Fear and virus
Panic is often worse than danger itself. It makes us irrational, impulsive, and the consequences can be catastrophic. For example, one basic piece of advice if you are in a crowded movie theatre and there is a fire, shouting “fire!” may not be the best idea: it is better to turn on the lights and ask people to leave the room before the fire spreads. There are many examples where false alarms have ended up creating real tragedies. An epidemic like the one we have unfortunately experienced can bring out people’s worst fears. Fear is an invisible enemy, which spreads rapidly, and nobody is protected against it; anyone can be a carrier and infect the rest. Everyone is suspect and a fear outbreak can have devastating consequences. It has all the ingredients for panic.
«Fear is an invisible enemy, which spreads rapidly, and nobody is protected against it; anyone can be a carrier and infect the rest»
Cinema and literature have successfully used fear to write scripts in which an epidemic is the heart of the story or the underlying excuse. One that best represents the panic and fear of the population and how our most primal instincts are released is The horseman on the roof (1995), where we see that being an outsider could be reason enough to be lynched during a cholera epidemic in nineteenth-century France. Another film that captures not so much the concern of the population, but of scientists trying to prevent the spread of a disease, is Panic in the streets (1950). Here, Richard Widmark plays an expert in infectious diseases from the US army who has to chase a shameless Jack Palance, not because he is a gangster, but because he is infected with a dangerous disease. Another memorable film that took advantage of an epidemic as an excuse to build a classic disaster story with people trapped in a means of transport – such a popular genre in the 1970s – was The Cassandra crossing (1976), in which train passengers are infected by a dangerous virus used in biological warfare.
In recent times films like Outbreak (1995) or Contagion (2011) have also dealt with the subject. Regarding Contagion, we can find some similarities with the SARS-CoV-2 epidemic, such as the bat-related origin, or the fact that, when panic begins to spread, vendors of miracle remedies and the spread of misinformation immediately surface.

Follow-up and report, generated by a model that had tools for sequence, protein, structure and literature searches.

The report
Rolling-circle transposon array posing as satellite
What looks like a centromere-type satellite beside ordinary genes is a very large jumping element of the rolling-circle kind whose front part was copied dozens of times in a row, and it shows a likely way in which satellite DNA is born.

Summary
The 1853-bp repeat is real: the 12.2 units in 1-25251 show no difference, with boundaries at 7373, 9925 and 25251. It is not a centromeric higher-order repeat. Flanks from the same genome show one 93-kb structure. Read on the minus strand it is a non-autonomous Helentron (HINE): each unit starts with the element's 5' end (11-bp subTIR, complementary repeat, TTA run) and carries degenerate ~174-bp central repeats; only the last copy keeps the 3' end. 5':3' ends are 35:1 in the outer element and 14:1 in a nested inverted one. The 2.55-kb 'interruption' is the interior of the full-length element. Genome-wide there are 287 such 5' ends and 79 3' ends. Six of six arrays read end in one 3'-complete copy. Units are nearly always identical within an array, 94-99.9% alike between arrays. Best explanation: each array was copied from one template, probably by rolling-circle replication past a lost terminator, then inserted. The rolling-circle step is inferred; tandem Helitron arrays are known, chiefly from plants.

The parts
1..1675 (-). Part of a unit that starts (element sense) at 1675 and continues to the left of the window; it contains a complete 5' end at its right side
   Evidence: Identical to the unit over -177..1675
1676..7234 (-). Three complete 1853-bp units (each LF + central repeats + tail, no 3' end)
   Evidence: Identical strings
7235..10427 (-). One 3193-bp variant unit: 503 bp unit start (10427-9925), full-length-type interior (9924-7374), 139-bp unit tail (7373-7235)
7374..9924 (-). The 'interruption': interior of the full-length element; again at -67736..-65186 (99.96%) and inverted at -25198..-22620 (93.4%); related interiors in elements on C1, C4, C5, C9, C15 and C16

If I have to choose a film that managed to tell a story based on an epidemic and the main fears of its time, it is the Japanese film Fukkatsu no hi (Day of resurrection, 1980), also known as Virus. A virus manipulated in a laboratory to be used as a biological weapon escapes and causes a pandemic known as the «Italian flu». The virus dies at temperatures below -10 °C, so the last stronghold of the human species is contained in the Antarctic bases, where a new civilisation begins, but they are in danger because an earthquake can cause nuclear missiles to be fired (two of which are aimed there). Epidemics and nuclear war in the same story; the plot has everything.
By the way: could an epidemic end mankind? It is complicated. It could create what in genetics is known as a «bottleneck» and exterminate a large part of the population, but such a strong natural selection would mean that should a population resistant to the virus appear and reproduce, within a few generations there would be general resistance. And we are just considering natural mechanisms, to which we have to add the artificial effect of vaccines, medicines, and hygiene, which make it more difficult for an epidemic to cause the end of our species. In fact, if we look at history, epidemics (or droughts) that have affected an agricultural species have had more catastrophic consequences for humanity than an epidemic that affected us directly. Therefore, the end of the world caused by a virus looks good in the cinema, but that is all it is: fiction.